Okay. So this -- was also in the commanding general’s papers. This is a list of all the guerrilla supporters who lived around Independence. So this is just around one post. And if you read this, you will see that it’s mostly women and children and widows and it has lovely things like husband in the bush; Billy Hiccup and all of his women; Old Billy crud up in all of his women. I can’t read it and also have you hear me.
So it sort of is a reflection then of who the population was, mostly women. And that the women were known to be actively supplying this guerrilla war. And the Union is concerned about it; concerned enough to be taking lists of them and keeping track of them.
24:59 General Butler’s “Woman Order”
So we talked about Sherman’s March. When military historians talk about the war, they’re really -- there are only two moments where -- where women appear and one of them is Sherman’s March and women are victims and that means Sherman was a rat. And the other is something called the “Woman Order.” And I wonder how many of you have heard of the “Woman Order?”
MS. LEEANN WHITES: Okay. I think I’ll go next.
Okay. Okay. The “Woman Order” was issued by General Butler when he occupied New Orleans in May of 1862. And when he came into New Orleans and he confronted most of those Southern sympathizing Confederate women, he found that they were not very nice to his troops. And he found they were not very nice to his troops. Now people have not taken women not being nice to troops very seriously. I mean after all, no one ever suggested that any of them tried to shoot them.
All they did was things like cuss them, spit at them, maybe dump an occasional chamber pot from a window on their head, but really, you know, this is something that we should really be ringing our hands about. And I like to say -- I like to tell my students a story about this one company that comes marching into an occupied town and all the women are standing on the side of the streets, all these young women, you know, it’s just all these young men. It’s all these young men who have been out in the field, being cold and bored and dirty and occasionally having a moment of terror out in the battlefield.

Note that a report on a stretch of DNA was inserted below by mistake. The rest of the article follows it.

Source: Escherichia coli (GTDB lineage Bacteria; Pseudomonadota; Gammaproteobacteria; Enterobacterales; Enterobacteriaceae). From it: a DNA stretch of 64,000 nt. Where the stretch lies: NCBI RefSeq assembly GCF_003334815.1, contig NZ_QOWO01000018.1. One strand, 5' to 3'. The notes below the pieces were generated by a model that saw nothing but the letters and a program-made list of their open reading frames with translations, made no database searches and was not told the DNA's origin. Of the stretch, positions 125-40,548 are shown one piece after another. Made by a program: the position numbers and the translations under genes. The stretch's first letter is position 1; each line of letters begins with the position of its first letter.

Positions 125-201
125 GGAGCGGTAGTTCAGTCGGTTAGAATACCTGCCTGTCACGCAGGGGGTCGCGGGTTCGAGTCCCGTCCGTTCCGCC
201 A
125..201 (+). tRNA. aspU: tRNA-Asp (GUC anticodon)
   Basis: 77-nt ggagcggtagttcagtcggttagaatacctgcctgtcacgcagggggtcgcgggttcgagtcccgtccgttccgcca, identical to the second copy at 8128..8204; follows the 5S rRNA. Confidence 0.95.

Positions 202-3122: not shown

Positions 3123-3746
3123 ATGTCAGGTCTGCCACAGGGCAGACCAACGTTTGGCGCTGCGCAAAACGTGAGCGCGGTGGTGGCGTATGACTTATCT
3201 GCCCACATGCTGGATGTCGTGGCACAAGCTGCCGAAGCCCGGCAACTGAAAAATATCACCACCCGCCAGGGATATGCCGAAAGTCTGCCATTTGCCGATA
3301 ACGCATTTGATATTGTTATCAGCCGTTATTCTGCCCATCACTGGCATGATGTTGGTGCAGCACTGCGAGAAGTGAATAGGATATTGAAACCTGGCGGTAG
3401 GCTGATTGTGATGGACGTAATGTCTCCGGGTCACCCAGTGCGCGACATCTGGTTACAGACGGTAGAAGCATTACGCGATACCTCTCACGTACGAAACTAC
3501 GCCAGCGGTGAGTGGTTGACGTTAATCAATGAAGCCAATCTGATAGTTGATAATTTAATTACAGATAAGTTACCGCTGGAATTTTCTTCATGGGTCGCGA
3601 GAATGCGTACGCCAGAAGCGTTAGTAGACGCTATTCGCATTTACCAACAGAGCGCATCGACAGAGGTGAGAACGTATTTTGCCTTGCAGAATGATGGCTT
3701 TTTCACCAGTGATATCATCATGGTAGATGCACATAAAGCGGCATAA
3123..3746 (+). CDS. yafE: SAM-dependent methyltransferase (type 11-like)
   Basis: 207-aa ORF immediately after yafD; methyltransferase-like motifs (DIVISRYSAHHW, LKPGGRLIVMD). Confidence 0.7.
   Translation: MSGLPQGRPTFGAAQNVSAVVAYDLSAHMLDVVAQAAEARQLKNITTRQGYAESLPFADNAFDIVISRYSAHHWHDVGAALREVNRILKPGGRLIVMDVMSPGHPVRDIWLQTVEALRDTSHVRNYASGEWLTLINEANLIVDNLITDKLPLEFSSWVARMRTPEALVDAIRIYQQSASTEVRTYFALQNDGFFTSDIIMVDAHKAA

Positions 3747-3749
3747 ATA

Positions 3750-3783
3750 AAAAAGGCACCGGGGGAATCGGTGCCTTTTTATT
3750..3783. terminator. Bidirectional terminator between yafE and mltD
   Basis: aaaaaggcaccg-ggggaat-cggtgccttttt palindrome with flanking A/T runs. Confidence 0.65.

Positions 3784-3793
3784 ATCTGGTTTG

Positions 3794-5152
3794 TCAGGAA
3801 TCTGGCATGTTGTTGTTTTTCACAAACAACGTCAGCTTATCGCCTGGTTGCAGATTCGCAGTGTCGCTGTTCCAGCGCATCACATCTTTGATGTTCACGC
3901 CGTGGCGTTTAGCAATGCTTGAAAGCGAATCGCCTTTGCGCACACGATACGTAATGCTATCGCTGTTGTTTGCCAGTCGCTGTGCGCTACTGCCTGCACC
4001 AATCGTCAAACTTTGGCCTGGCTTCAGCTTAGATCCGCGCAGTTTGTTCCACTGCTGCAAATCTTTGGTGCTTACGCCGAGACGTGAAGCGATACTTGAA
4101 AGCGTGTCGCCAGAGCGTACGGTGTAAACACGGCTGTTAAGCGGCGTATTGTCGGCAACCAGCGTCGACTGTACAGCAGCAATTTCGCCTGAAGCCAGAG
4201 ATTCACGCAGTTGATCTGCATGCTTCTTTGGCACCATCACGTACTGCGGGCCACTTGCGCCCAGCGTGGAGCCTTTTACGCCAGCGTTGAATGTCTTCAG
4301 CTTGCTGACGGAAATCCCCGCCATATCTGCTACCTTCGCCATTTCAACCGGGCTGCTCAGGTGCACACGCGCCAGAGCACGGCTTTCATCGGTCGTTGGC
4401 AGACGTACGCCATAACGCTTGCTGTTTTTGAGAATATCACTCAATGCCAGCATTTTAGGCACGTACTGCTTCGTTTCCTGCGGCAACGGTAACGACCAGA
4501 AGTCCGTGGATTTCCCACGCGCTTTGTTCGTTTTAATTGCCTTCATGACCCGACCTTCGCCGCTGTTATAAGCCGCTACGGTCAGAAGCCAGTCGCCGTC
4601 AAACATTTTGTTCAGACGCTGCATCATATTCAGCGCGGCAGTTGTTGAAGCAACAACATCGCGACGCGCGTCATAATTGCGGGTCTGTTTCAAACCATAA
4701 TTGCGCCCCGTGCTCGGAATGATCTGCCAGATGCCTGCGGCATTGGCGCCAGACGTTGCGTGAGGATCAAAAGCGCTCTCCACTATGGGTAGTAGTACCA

And they finally come into a town and see some women and, okay, they’re enemy women, but they’re women and they’re cute and they’re standing on the side and they’re all saying things like, “You stink. You’re skanky. You’ve got lice.” And it makes them feel bad. And that’s why Butler issued this order because it was a serious morale issue.
These women were making these men feel really badly. Why else bother, you know, to issue the order? Now, historians have noticed this, but like in the case with Sherman’s March they have pretty much the same response, which is in this case …. next.
In this case, to assume as Butler himself said, Butler was kind of full of himself, and Butler said, “You know, really the issue -- the order to issue executed itself.” And what he meant by that was, all these women were just so scared that someone would treat -- these men would treat them like they were public women, that is prostitutes, that they all just went running home, like, Oh, my God, he’s going to treat me like I’m a prostitute. I have to go home. I’m going to stop spitting. I’m going to stop yelling. I’m just going to go home.
And so, I like to say they sweetened up. It’s like before 28, after 28. Now, more recent research, which you can read about in my fabulous book, would indicate that they did not sweeten up, that they went on being as bad as they ever were. And in fact, Butler had to leave and be replaced.